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Questionable hires call VA screening process into question

| Dec 22, 2017 | Hospital Negligence

People likely take comfort in the assumption that the hospitals and medical centers in Queens take a great deal of care in screening the providers that are hired to take care of them. Doctors go through years of specialized education and training, yet even still need to go through further credentialing in order to be allowed to admit and practice at medical facilities. This added care no doubt comes from the commitment facilities make to provide the best possible care of their respective patient populations. Perhaps this is why when stories surface of physicians with troubling pasts are allowed to practice, people are so troubled. 

Several such stories have recently surfaced which has called the hiring and screening processed employed by the Department of Veteran’s Affairs into question. Several doctors cited in claims stemming from care at VA hospitals were revealed to have pasts that legal experts agree should have called their candidacy to practice into question. One neurosurgeon was hired despite having had 12 malpractice claims filed against him and having his medical license revoked in another state. Two psychologists were hired by different facilities despite one having been disciplined for sexual misconduct and the other having several felony convictions on his record. In another yet another case, a psychiatrist known as “The Candy Man” was brought on despite having a history of prescribing large amounts of narcotics and even taking medications home with him.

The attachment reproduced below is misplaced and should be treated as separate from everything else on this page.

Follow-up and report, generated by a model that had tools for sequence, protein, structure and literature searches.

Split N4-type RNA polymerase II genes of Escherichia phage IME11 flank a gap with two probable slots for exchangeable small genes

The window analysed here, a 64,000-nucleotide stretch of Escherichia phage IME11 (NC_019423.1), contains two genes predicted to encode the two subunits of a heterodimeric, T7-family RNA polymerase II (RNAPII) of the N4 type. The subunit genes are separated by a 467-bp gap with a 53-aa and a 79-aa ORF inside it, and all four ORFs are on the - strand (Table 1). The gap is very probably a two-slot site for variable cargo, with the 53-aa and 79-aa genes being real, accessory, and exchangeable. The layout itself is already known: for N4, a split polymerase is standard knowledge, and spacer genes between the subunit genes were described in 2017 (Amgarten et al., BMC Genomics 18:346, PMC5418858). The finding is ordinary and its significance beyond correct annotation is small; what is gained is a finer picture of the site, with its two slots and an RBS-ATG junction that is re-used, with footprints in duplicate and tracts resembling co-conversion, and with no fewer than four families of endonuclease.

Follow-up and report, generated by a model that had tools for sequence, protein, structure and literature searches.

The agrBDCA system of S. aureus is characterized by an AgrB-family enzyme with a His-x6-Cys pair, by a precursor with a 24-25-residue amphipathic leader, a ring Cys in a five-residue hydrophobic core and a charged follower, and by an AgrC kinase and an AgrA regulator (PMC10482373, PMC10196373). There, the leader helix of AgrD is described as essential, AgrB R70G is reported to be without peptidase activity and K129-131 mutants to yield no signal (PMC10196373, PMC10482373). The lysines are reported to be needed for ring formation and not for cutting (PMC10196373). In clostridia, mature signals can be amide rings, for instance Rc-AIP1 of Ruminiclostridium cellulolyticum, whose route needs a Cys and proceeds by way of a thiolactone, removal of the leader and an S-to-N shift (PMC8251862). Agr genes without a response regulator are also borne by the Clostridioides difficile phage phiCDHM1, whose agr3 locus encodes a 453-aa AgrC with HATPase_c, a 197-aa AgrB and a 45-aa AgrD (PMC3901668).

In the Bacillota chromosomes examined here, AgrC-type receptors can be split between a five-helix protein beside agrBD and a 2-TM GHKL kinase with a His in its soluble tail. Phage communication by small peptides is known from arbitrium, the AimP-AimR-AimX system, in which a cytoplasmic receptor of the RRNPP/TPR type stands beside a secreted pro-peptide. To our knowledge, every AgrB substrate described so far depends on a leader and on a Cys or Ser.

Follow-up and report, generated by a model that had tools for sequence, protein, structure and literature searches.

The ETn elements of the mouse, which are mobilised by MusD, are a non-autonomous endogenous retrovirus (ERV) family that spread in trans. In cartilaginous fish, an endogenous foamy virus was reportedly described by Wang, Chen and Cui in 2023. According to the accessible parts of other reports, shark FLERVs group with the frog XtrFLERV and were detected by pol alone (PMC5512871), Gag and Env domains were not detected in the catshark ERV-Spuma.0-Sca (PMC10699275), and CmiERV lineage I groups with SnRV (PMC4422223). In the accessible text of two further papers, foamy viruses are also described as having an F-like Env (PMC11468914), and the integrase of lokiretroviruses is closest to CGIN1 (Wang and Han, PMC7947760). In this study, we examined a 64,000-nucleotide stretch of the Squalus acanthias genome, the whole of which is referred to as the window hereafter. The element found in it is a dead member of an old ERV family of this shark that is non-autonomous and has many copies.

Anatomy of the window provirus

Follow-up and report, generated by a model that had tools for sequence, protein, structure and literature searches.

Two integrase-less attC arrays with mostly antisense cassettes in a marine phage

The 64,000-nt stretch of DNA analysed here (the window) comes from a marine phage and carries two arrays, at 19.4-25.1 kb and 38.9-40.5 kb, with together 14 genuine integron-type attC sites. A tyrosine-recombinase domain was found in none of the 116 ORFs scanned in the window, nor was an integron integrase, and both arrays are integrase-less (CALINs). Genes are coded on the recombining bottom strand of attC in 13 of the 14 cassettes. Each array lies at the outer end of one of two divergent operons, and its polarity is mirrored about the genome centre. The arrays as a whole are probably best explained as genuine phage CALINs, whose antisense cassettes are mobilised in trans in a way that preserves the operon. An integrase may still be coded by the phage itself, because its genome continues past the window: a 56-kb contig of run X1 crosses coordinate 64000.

Doctors should not be stigmatized for a single mistake, yet a repeated pattern or errors should case concern. Thus, hospitals and healthcare organizations that do not appear to place an emphasis on screening doctors could be accused of putting patients at risk. Those looking to further such accusations may be wise to seek the assistance of an attorney. 

Source: USA Today “USA TODAY Investigation: VA knowingly hires doctors with past malpractice claims, discipline for poor care” Slack, Donovan, Dec. 03, 2017

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